Watering your plants and grass correctly is critical to keeping them green and healthy.
A contemporary irrigation system converts watering time into leisure time and, if desired, allows you to regulate the watering of your whole garden.
Irrigation requirements are specific to your garden. This is an easy guide to assist you pick which type you wish to use.
Each form of irrigation has advantages and disadvantages that may differ depending on geographic location.
Drip Irrigation System
A drip irrigation system is composed of long hose with holes – known as emitters – spaced evenly along its length and connected to a water source via a valve.
A filter, pressure gauge, and backflow preventer are installed in between valve and the hose, that is known as drip tubing.
The hose is run alongside the plants in the garden rows, with the emitters placed close to the plants.
The dripping system can be arranged in any desired arrangement thanks to the tube’s flexibility, and the dripping tube can be extended by linking two or three tubes of an appropriate length.
The drip irrigation waters the plants by slowly releasing water at or close to the roots. Since liquid soaks into soil immediately and does not evaporate, irrigation efficiency is maximised.
Water is then applied only where it is needed, i.e. to the roots, reducing waste. If you’re still not convinced, consider the following three reasons to get drip irrigation.
The Cost Of Drip Irrigation Kit
There are other irrigation technologies to explore, but drip watering is the most cost-effective.
Most households and landscapers are attracted to this solution because of its minimal cost and wide range of applications.
In addition, drip irrigation works well in a vegetable garden, as well as a flower bed or an orchard.
Drip irrigation is appropriate to be used on green roofs or decks due to its ease of installation and variety of design.
Commercially available kits are available, or you can request professional installation.
Naturally, DIY installation lowers costs even further.
The Efficiency Of Drip Irrigation Kits
Drip watering is the most efficient way to conserve water.
Drip irrigation, with an efficacy of 90% or more, not only reduced waste but also helped plants survive by supplying water only where it was needed.
Drip irrigation not only benefits vegetable gardens, but also hedges.
Landscapers frequently employ Drip Irrigation Kits in exterior design since they are versatile and practically unnoticeable.
The Design Of Drip Irrigation Kits
Drip irrigation is a flexible and adjustable method. The tubes’ flexibility allows them to be installed in yards of all shapes and sizes.
Emitters can be placed at different ranges and adjusted to only release water where it is required.
Alternatives To Drip Irrigation
A large array of watering devices is one of several factors you’ll notice when perusing brochures or Web sites.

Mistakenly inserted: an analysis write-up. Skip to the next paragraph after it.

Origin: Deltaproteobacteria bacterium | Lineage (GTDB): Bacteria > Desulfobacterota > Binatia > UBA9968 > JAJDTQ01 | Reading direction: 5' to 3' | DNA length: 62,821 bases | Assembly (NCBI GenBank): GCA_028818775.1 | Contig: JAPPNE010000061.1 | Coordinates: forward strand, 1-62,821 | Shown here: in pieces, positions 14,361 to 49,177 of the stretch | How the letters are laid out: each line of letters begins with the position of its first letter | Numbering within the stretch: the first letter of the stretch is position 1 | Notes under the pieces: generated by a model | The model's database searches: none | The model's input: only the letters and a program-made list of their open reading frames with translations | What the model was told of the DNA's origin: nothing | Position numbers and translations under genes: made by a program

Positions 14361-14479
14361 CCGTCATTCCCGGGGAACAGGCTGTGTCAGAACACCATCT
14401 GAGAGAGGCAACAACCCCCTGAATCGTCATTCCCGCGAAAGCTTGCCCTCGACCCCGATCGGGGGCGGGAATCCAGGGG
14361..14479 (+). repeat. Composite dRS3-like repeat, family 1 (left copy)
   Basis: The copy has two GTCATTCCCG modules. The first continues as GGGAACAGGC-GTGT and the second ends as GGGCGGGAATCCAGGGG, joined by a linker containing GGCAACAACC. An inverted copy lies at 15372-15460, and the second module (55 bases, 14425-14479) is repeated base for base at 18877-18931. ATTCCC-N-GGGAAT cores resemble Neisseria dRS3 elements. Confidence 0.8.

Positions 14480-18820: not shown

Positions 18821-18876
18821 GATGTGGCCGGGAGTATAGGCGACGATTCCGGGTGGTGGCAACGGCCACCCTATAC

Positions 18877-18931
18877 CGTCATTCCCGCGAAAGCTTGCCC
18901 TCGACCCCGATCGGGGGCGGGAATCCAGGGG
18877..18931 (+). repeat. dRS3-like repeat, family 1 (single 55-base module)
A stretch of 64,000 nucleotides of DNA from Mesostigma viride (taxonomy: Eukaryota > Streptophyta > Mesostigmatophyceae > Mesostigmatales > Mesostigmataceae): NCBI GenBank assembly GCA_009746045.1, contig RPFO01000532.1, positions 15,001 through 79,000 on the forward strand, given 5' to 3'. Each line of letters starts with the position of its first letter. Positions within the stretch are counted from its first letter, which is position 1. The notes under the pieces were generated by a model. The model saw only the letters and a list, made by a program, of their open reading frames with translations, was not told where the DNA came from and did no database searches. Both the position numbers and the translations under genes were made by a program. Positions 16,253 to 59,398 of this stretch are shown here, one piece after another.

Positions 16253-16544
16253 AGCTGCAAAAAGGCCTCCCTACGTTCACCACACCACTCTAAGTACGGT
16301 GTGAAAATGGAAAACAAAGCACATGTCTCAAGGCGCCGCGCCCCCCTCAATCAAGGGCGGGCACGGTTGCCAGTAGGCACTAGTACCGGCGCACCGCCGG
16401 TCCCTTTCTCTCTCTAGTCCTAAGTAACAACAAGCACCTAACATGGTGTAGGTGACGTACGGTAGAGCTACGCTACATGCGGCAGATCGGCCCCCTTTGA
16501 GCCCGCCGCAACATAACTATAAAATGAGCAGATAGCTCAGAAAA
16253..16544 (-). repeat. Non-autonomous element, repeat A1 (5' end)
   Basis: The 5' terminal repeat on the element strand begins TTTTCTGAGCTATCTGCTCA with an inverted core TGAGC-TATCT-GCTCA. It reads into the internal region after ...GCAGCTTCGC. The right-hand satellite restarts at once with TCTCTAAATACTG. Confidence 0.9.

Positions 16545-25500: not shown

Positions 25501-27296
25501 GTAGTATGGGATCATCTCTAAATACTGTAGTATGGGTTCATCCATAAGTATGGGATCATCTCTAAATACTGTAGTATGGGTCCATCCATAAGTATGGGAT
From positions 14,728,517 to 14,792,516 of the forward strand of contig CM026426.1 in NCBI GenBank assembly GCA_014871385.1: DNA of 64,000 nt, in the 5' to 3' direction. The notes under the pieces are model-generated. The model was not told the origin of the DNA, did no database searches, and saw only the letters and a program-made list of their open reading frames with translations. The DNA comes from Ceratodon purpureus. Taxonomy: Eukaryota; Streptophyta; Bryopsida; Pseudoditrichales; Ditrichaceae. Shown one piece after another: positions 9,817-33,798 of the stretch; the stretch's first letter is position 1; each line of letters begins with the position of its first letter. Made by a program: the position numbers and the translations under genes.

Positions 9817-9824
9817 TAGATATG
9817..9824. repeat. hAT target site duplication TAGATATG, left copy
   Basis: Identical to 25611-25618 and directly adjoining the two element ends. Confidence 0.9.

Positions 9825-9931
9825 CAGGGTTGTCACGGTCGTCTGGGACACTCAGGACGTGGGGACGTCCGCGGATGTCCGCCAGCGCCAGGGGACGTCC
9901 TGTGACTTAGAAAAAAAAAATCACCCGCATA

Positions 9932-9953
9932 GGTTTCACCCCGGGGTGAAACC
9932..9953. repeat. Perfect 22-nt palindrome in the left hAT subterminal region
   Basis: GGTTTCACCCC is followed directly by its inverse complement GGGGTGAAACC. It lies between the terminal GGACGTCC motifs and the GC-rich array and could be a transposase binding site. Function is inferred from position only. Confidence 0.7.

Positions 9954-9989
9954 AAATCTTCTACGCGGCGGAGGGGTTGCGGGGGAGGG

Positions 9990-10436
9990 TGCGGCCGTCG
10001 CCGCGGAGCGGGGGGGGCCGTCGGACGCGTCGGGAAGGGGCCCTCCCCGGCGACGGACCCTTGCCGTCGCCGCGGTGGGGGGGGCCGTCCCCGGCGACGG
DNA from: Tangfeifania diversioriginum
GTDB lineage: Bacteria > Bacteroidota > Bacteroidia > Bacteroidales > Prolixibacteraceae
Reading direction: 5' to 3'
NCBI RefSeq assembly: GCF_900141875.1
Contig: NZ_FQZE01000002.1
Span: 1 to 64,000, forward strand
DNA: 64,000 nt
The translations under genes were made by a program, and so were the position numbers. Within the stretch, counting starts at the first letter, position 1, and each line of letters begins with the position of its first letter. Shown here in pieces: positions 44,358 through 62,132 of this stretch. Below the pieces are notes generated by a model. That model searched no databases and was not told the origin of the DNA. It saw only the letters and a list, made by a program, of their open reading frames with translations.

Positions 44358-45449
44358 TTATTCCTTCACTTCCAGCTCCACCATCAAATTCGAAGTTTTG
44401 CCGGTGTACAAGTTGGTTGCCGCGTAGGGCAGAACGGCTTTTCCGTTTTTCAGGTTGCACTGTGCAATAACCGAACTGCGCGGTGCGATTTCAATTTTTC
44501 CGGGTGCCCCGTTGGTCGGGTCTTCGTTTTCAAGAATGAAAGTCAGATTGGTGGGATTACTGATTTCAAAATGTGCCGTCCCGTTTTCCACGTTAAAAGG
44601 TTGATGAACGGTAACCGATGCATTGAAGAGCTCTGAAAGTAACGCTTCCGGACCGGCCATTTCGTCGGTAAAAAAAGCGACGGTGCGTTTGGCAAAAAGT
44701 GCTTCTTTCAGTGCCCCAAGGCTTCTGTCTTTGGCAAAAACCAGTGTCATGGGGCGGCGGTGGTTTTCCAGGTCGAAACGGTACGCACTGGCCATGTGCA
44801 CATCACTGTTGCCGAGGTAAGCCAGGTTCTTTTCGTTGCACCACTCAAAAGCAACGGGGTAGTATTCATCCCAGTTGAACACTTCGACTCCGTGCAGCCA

The basic categories are listed below, along with some information about each.
While the ones depicted below are by far the most prevalent, there are many others that are more specialised.
The various types and their applications can be found in the micro irrigation catalogues. Drip irrigation might not be the ideal option, despite being economical, efficient, and versatile.
Tropical plants, for example, may have differing watering requirements. Consider the following two options.
Irrigation System With Sprinklers
Sprinkler irrigation methods are especially common, with a watering effectiveness of 75-80%.
The equipment simulates rain by creating a mist of water and is great for tropical gardens or flowers that enjoy having their leaves moistened.
The system, however, uses the most water. Water takes longer to seep into the ground since it reaches the higher sections of the plant first.
Because evaporation wastes a large portion of this water, you’ll have to run the sprinkler for longer.
This irrigation technique is linked to mold spores and other plant concerns since it dampens the aerial sections of the plants.
Hose Soaker System
In the manner it provides water to the roots, a soaker hose is comparable to a drip system. Evaporation does not waste water because it soaks into the soil right away.
The soaker hose, on the other hand, releases water along its entire length, which is waste in most vegetable gardens.
A soaker hose, on the other hand, works wonderfully for keeping hedges green and providing enough water to a lawn.
Drip Irrigation Kits: Where To Buy
Packages and small parts are available online as well as at home centres, garden centres, and plumbing supply stores.
A simple kit costs $20 to $60 and includes what you require apart from for the timer to water approximately 20 receptacles or a 75-square-foot area. Kits of higher quality can cost up to $70.
How To Install A Drip Irrigation System In Your Garden?
A simple, automatic drip irrigation system is an easier method of keeping your plants irrigated if your schedule becomes hectic or you’re away from the home. These systems are inexpensive and simple to set up.
Materials needed to set up a drip irrigation system:
- Materials 1/2 an inchch poly tubing is required.
- Backflow preventer for 1/4 an inchch vinyl tubing
- Fittings with barbs
- Small stakes watering devices
- Pressure regulator
Working Out The Drip Irrigation System Design